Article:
Sammamish added to fire district
October 2, 2008 · Updated 2:25 PM
NORTH BEND _ Bright red fire trucks belonging to Eastside Fire
and Rescue, the fire organization that serves the North Bend and
Carnation areas, will now be seen cruising the streets of yet another city.
After months of controversy, the city of Sammamish was
officially added to the consortium of fire departments referred to as "EFR."
"We're excited that all the negotiations are completed and we're
going to be part of the EFR consortium," said Michael Wilson, Sammamish
city manager. "It's a great arrangement for everybody."
EFR Chief Lee Soptich is pleased with the new addition and wants
to reassure residents who are covered by the fire group that everything will
run the same.
"There are some subtle changes about how we do things, but
everything else should stay intact," he said.
EFR now includes the cities of North Bend, Issaquah,
Sammamish, and Fire Protection District 38, which serves the unincorporated
King County area between Snoqualmie and North Bend. Also included is
District 10, which provides service for the unincorporated Pine Lake/Plateau
area and Carnation.
District 38 was the last district to vote, giving its approval at a late
November board meeting. The vote to include Sammamish was unanimous
by all fire board officials of each partnering city or district.
Sammamish established itself as a city one year ago and its officials
had until Dec. 31 to decide whether to create an independent fire department
or contract for services with EFR. The city already contracts with
King County for police services.
EFR courted the new city because it was already providing service
for Sammamish, and officials didn't want to see that tradition lost.
"As District 10 and EFR have been the service provider for that area
for almost 60 years, we looked at that as an important part of what makes
EFR an important organization," Soptich said.
In addition, Sammamish contributes $3.2 million of EFR's $14
million budget money that would be lost if the city went its own way.
The new contract still allows Redmond's Fire District 34 to
protect the north end of Sammamish because it can provide quicker service,
This agreement is much like EFR's subcontract with Snoqualmie to
provide fire service for an area that its trucks can get to more quickly.
Because of the vote, Fall City's Fire District 27, which worked
cooperatively with EFR, will not respond to any calls in the Sammamish
area. Officials said fire trucks from District 27 went to Duthie Hill, but that area
is also covered by EFR, and there was no need for the overlap in service.
Another difference in the contract is that it's been extended from
what was originally five years to seven.
"Sammamish wanted long-term stability, and obviously we are all
for that at EFR," Soptich said.
EFR started two years ago when officials from Issaquah and District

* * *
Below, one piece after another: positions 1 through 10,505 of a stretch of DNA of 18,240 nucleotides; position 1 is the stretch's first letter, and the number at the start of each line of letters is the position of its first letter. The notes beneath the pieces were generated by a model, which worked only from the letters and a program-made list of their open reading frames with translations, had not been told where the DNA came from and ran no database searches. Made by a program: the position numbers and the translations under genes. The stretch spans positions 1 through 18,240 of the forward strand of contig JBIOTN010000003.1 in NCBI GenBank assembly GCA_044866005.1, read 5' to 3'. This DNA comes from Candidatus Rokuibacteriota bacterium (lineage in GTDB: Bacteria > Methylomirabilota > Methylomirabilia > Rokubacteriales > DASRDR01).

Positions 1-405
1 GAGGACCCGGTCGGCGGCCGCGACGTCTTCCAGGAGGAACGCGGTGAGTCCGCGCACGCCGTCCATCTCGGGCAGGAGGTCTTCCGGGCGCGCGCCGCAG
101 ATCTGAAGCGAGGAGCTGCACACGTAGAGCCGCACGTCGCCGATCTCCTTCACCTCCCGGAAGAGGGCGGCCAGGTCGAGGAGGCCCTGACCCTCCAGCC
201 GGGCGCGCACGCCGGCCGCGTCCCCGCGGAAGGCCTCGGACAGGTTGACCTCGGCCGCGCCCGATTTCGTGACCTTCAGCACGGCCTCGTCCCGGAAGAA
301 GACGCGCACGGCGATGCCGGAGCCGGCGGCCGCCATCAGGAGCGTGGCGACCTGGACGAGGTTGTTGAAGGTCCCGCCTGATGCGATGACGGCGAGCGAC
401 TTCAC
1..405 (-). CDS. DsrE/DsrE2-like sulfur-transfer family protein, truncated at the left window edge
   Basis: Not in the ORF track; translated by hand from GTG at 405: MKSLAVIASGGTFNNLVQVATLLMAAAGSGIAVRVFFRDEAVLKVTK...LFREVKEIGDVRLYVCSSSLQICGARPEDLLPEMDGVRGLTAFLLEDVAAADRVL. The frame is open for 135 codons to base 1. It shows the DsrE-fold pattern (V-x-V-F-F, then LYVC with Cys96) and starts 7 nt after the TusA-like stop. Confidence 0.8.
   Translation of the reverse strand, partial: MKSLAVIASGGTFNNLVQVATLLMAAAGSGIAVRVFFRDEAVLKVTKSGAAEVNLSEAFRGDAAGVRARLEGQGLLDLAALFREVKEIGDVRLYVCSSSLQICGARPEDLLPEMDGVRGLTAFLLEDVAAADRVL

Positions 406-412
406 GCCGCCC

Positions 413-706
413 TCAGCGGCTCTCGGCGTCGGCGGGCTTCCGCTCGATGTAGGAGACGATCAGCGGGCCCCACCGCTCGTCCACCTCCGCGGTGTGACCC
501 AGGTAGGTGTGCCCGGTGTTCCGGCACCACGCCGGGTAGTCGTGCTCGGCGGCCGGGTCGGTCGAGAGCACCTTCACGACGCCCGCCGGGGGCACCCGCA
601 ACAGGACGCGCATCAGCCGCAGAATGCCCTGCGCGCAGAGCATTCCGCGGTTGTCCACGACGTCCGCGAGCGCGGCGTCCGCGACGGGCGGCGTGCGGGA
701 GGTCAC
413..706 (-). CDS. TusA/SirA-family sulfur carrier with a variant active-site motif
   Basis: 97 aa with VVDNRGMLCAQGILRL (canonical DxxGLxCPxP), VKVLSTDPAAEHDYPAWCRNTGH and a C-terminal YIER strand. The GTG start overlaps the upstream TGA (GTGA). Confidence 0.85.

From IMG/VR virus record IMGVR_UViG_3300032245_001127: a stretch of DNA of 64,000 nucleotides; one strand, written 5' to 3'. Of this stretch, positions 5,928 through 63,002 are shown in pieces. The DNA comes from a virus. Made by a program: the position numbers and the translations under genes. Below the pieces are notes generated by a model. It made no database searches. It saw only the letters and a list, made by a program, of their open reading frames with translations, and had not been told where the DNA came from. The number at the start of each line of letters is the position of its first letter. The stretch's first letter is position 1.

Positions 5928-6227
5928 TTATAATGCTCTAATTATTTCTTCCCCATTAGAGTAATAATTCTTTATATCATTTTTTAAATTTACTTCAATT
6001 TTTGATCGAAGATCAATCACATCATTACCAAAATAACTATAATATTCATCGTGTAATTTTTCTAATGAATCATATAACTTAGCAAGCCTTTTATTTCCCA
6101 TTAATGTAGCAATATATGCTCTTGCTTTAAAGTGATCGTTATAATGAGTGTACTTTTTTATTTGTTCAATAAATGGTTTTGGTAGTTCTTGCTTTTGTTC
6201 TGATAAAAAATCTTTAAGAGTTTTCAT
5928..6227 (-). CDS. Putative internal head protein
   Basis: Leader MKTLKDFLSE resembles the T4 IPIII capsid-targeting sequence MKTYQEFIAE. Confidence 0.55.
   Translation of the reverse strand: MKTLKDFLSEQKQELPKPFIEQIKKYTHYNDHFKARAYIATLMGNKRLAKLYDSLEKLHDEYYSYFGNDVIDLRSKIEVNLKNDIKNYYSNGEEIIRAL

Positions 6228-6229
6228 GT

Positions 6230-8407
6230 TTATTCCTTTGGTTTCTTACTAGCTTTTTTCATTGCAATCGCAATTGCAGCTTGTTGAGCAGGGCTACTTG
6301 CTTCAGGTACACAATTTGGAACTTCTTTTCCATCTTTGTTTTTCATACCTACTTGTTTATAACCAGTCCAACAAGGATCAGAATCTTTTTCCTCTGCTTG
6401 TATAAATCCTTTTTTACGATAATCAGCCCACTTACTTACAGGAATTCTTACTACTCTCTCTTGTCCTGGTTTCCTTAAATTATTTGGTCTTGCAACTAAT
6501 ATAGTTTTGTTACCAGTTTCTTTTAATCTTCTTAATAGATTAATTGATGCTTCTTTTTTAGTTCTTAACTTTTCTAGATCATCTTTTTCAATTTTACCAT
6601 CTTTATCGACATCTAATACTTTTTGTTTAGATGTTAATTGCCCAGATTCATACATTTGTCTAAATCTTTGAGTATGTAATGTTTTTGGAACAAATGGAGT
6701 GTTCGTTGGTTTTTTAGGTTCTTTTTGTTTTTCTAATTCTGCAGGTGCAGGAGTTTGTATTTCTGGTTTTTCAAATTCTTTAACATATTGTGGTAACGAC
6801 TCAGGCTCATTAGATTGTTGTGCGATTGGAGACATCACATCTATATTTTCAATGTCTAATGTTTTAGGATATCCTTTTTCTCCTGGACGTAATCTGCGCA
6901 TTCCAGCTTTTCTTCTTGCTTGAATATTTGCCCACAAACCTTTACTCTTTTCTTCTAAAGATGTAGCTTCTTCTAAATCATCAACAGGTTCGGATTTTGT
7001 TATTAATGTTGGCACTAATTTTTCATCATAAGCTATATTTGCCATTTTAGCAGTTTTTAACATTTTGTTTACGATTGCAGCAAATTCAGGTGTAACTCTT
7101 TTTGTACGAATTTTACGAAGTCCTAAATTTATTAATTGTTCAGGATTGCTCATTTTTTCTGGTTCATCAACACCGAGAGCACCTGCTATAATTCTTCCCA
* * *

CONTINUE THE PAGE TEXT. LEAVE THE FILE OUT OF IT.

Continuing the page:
10 decided to start a cooperative firefighting effort, and then
included North Bend and District 38. It has taken time to iron out problems,
but the addition of Sammamish, as well as the two-year extension, is proof
for some officials that the fire consortium is on the track to success.
Feelings were different in April after longtime Fire Chief
James Rankin abruptly resigned and Issaquah officials said they wanted
to separate from EFR. Some of the controversy was linked to talk of
One reason some EFR board members were hesitant about adding
the new city was that the Sammamish City Council had talked of wanting
fire trucks with their own logos, instead of EFR's. This would
mean Sammamish would be the only member to have a separate logo,
which launched debates over whether other cities should also have
Another point of the controversy over Sammamish was that it had
a lower levy rate the amount of money that would be contributed
to EFR which made board members wonder if the city would be paying
less for more services, and would therefore get special treatment. After
several meetings and weekend retreats, the organization managed to keep
all of its members.
"It's a far cry from where we were a year ago a year ago we were
wondering if EFR was going to fall apart," Soptich said.
Sammamish's fire trucks will display EFR's logo and the levy has
been reworked to be fair for all partners.
"Everybody's contribution was based on District 10's levy
rate," Soptich explained. "Now [the contract] says that the directors will
formulate a new funding model by June 2001."
The model will be based on a number of factors to make each
partner's rates fair, he said. For example, if one partner pays the same amount as
all the rest but has fewer calls for service to that area, that would be an
The new criteria will include the assessed valuation of houses in the
city or district, the number of calls for service, and other items yet to be decided.
"It's a great thing, and I say that for a couple of reasons: It will
ensure that all partners will be comfortable about what they pay for service,
and it should alleviate the resentment over levy rates," Soptich explained.
"Now you're comparing apples and apples. If you have more calls
in your area, you should be paying more," he said.
Soptich added that the benefit of a large fire and rescue organization
is that residents will receive more resources and services for less money.
EFR has its own fire investigation team, hazardous-material
response team and technical rescue group.
EFR has eight actively operating stations and five volunteer
stations, including Wilderness Rim.